Jimi Hendrix

In honor of Black History Month, every day The Cardinal will feature a prominent person who has contributed to society.


Angie Galan, Editor-in-Chief

James Marshall “Jimi” Hendrix was born on November 27, 1942, and was an American rock guitarist, singer, and songwriter. His mainstream career lasted only four years, but he is widely regarded as one of the most influential guitarists in history and one of the most celebrated musicians of the 20th century. The Rock and Roll Hall of Fame describes him as “the greatest instrumentalist in the history of rock music”.  Hendrix was inspired by American rock and roll and electric blues.  Rolling Stone declared him the Performer of the Year in 1968 and ranked Hendrix the greatest guitarist and the sixth greatest artist of all time.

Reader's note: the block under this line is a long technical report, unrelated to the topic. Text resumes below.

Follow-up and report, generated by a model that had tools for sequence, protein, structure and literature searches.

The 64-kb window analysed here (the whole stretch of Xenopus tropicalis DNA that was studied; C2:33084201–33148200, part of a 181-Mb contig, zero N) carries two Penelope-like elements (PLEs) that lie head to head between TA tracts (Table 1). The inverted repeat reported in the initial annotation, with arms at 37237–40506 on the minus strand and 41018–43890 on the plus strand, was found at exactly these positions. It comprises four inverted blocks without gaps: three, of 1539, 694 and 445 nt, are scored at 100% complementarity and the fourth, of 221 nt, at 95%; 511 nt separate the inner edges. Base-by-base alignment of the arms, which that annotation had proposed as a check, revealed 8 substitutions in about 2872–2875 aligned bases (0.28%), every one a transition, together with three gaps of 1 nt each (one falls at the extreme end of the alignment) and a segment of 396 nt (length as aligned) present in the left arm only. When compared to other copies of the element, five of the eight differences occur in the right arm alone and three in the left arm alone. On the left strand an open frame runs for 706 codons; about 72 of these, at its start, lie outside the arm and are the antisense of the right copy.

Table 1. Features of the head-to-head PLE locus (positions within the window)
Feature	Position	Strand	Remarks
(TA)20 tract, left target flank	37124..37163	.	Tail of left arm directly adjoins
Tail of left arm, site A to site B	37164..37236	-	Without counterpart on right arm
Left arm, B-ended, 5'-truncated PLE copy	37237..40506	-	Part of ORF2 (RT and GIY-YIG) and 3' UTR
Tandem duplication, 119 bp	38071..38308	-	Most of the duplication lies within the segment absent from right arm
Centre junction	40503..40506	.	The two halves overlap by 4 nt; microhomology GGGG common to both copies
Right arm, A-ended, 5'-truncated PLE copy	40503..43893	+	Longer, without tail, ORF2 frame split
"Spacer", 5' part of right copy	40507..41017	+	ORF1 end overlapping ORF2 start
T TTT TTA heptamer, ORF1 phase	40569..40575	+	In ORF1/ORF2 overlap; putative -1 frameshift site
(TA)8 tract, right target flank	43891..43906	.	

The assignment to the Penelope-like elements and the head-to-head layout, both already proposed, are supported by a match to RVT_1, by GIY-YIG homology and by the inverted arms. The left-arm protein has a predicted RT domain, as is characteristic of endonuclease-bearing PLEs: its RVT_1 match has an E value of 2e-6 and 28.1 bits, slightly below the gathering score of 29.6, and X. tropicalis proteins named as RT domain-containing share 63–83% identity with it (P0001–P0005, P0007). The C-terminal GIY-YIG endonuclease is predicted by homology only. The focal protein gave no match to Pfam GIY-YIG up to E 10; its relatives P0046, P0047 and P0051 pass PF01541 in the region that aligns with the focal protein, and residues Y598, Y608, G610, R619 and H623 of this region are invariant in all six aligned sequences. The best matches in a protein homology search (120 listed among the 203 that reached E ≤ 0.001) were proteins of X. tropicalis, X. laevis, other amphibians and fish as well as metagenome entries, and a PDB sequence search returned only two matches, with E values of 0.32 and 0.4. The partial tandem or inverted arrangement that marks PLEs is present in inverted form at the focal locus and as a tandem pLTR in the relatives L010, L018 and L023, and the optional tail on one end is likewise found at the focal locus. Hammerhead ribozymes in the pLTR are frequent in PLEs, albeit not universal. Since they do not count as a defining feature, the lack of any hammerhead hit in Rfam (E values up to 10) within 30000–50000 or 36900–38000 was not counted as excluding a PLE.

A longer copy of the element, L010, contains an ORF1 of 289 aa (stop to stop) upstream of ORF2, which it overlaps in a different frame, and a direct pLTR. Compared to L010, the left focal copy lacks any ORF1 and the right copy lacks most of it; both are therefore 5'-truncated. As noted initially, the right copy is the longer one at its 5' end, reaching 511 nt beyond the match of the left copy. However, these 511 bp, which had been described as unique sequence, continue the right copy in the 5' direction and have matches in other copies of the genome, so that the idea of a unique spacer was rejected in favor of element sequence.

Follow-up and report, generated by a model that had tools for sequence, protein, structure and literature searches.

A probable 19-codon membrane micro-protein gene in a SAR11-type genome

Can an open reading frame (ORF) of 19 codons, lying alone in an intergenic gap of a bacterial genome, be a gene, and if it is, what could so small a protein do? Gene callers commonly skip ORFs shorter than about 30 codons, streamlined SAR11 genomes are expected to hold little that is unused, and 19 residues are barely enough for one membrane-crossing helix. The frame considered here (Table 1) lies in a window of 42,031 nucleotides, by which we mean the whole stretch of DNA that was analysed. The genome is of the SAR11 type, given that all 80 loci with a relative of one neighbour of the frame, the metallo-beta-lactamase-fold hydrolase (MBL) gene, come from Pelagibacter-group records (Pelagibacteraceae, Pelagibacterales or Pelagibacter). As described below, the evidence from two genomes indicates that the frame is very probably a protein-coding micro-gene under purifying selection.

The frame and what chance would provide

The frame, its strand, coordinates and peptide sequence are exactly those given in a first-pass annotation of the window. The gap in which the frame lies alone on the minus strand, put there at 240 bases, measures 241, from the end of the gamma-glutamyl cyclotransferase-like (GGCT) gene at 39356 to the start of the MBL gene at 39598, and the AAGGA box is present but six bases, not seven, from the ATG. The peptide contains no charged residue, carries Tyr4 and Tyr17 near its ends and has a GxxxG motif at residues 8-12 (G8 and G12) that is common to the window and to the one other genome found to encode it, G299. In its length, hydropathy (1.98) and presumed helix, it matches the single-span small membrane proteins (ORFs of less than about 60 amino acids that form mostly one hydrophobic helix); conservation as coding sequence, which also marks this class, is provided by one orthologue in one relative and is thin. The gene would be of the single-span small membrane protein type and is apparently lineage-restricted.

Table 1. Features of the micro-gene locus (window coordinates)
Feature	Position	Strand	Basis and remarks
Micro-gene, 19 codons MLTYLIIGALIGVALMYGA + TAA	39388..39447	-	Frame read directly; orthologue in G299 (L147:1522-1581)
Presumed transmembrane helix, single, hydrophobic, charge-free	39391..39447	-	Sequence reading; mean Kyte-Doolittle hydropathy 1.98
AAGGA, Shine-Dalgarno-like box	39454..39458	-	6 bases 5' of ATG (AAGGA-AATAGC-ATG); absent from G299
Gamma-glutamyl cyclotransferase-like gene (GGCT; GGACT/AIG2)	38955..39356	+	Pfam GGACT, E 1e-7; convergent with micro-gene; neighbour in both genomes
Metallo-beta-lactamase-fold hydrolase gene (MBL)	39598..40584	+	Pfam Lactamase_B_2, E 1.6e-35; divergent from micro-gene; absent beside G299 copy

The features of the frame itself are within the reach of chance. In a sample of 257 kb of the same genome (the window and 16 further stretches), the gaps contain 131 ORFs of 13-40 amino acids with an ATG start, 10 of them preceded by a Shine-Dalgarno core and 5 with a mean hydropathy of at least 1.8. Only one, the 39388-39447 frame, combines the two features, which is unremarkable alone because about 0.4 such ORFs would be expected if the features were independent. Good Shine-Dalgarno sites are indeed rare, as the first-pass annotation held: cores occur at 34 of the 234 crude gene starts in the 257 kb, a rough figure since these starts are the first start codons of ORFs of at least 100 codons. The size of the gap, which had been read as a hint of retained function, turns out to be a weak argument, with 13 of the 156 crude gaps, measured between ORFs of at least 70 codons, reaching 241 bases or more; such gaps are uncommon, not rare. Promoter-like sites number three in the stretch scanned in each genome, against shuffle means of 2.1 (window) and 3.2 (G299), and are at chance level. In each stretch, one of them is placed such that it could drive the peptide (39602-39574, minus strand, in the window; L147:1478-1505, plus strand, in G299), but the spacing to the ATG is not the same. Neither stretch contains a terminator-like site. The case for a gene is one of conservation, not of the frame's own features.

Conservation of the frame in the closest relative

By 1969, Hendrix was the world’s highest-paid rock musician. In August, he headlined the Woodstock Music and Art Fair that included many of the most popular bands of the time.  Hendrix’s performance included a rendition of the US national anthem, “The Star-Spangled Banner”, with copious feedback, distortion, and sustain to imitate the sounds made by rockets and bombs. Contemporary political pundits described his interpretation as a statement against the Vietnam War. Three weeks later Hendrix said: “We’re all Americans … it was like ‘Go America!’… We play it the way the air is in America today. The air is slightly static, see.”

Though talented, his lifestyle was influenced by drugs and alcohol. Sadly, this talented artist died on September 18, 1970.